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Super apps help Chinese abroad weather coronavirus outbreak

Written by Nikkei Asia Published on   6 mins read

WeChat, Alipay, and other popular apps find new purpose as lifeline in uncertain times.

For the past month, a lengthy spreadsheet has been circulating among Chinese users of the WeChat messaging app living in California.

Created by a group of anonymous volunteers, the document contains a list of QR codes for special WeChat chat rooms, organized by zip code. Users find their neighborhood, scan the corresponding code to join the room — and then hopefully never have to use it.

“The group is for sending SOS messages when you are in an emergency situation ONLY,” reads the announcement posted in one such group. “Just send SOS and the address to the group, your neighbors will come and help you.”

The WeChat groups were created in response to the rise in anti-Asian hate crimes in wake of the coronavirus outbreak — and they are just one example of how China’s massive internet platforms are being harnessed by overseas users to combat with a global crisis.

As the pandemic grows more severe outside of China, Chinese tech giants led by BaiduAlibaba and Tencent — known collectively as BAT — are finding new and vital uses around the globe.

WeChat, operated by gaming titan Tencent, has more than 1.1 billion users. The broad user base is exactly what some of its users in California are betting on to help them stay safe.

To date, more than 1,100 reports of coronavirus discrimination against Asians have been reported to the Asian Pacific Policy and Planning Council since March 19, among which 31.8% incidents happened in California, a state known for its high-tech hub and a large population of Asian immigrants.

“The messaging groups are like a self-help buddy system… Your neighbors living in the same zip code might be able to come and save your life, even before first responders do,” said one of the organizers of the WeChat SOS groups, who asked to be identified only by her surname Si.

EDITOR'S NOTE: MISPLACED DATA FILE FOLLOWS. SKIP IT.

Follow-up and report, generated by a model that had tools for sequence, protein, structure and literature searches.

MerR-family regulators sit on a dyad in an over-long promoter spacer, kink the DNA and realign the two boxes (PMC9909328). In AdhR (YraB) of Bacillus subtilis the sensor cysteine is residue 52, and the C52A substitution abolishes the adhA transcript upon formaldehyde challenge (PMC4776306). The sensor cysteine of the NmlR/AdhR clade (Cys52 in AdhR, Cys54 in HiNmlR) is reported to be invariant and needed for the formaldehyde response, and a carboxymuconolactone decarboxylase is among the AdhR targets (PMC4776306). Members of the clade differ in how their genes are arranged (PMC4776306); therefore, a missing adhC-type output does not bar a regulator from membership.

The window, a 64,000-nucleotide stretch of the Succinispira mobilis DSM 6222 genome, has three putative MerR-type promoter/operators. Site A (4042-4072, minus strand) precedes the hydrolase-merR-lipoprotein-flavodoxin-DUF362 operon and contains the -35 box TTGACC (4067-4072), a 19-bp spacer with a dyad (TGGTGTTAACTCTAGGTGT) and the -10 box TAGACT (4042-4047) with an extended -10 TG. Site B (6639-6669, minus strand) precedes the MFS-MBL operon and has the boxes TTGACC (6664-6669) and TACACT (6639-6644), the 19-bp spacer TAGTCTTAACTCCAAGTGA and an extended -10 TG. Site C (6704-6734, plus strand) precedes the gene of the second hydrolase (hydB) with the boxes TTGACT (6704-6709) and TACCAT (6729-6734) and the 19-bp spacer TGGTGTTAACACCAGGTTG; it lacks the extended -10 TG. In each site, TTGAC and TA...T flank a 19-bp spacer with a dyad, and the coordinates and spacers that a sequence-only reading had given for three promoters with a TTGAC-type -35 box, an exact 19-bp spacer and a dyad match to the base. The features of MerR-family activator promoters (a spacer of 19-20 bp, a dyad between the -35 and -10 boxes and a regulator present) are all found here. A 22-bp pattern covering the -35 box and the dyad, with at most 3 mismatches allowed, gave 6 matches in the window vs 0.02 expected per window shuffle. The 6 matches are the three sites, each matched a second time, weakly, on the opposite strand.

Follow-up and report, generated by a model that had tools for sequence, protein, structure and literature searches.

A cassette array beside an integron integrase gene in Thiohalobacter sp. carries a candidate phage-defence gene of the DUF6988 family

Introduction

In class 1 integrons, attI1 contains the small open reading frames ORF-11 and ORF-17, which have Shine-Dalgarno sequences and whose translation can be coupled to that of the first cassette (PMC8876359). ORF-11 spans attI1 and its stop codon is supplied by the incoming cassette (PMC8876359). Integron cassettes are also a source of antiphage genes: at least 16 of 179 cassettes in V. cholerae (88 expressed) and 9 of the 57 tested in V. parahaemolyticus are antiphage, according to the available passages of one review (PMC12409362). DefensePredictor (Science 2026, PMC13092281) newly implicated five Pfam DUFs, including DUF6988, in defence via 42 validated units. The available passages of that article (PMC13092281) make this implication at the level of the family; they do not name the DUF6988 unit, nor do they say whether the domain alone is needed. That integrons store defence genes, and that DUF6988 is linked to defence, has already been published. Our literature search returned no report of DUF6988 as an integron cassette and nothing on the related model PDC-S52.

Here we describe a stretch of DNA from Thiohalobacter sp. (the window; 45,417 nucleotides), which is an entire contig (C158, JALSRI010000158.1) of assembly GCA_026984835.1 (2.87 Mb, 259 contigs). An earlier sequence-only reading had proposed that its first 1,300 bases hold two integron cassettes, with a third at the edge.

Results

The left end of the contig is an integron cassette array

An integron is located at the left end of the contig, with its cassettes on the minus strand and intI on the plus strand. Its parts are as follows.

More than 100 SOS groups have been created for neighborhoods in Silicon Valley alone, covering nearly all ZIP codes in the area, according to the spreadsheet the Nikkei Asian Review examined.

According to Si, more than 2,000 people have joined one of the Silicon Valley area SOS WeChat groups, and more group chat rooms are being created daily to meet the growing demand from Chinese in the area who are becoming increasingly concerned about their safety, as reports of violent and non-violent racism activities targeted at Asians increase.

“I hope those WeChat groups will never be used, but we need to be prepared for the worst,” said Si, adding that she has not seen any incident being reported in the WeChat groups she manages.

The services of Tencent, Alibaba and Baidu have been enlisted in China to help combat the coronavirus since January. From cloud-based artificial intelligence to chatbots and even “nurse robots,” Chinese tech companies are deploying their wealth, technological prowess and massive databases to join the country’s effort to contain the outbreak.

But now their services are more needed overseas. As life starts to return to normal in China, the COVID-19 pandemic continues to ravage much of the rest of the world, including New York, the new epicenter of the pandemic.

“When you need something in this desperate time, WeChat might be the most effective platform you can turn to for help,” said Jack, a resident doctor in New York, who has been posting in WeChat about the lack of personal protective gear at the hospital where he works since mid-March.

After seeing Jack’s WeChat posts, a group of Chinese volunteers have managed sourcing over 2,000 surgical masks and delivered them to his hospital within days, Jack, who asked to use only his first name, told Nikkei.

Other overseas Chinese have also used WeChat to help source much-need medical equipment from suppliers in China.

Luo Qimei, a public relations director at a startup in Cupertino, said she raised more than RMB 280,000 (USD 40,000) through her WeChat network within three weeks. The donations have been used to purchase personal protective gear from Asia and ship it to hospitals in New York and California, Luo said, adding that she updates her WeChat connections on where the money has gone to on a daily basis.

“The donations came from everywhere, without the boundaries of borders, and they are actually saving the lives of front-line workers,” Luo said.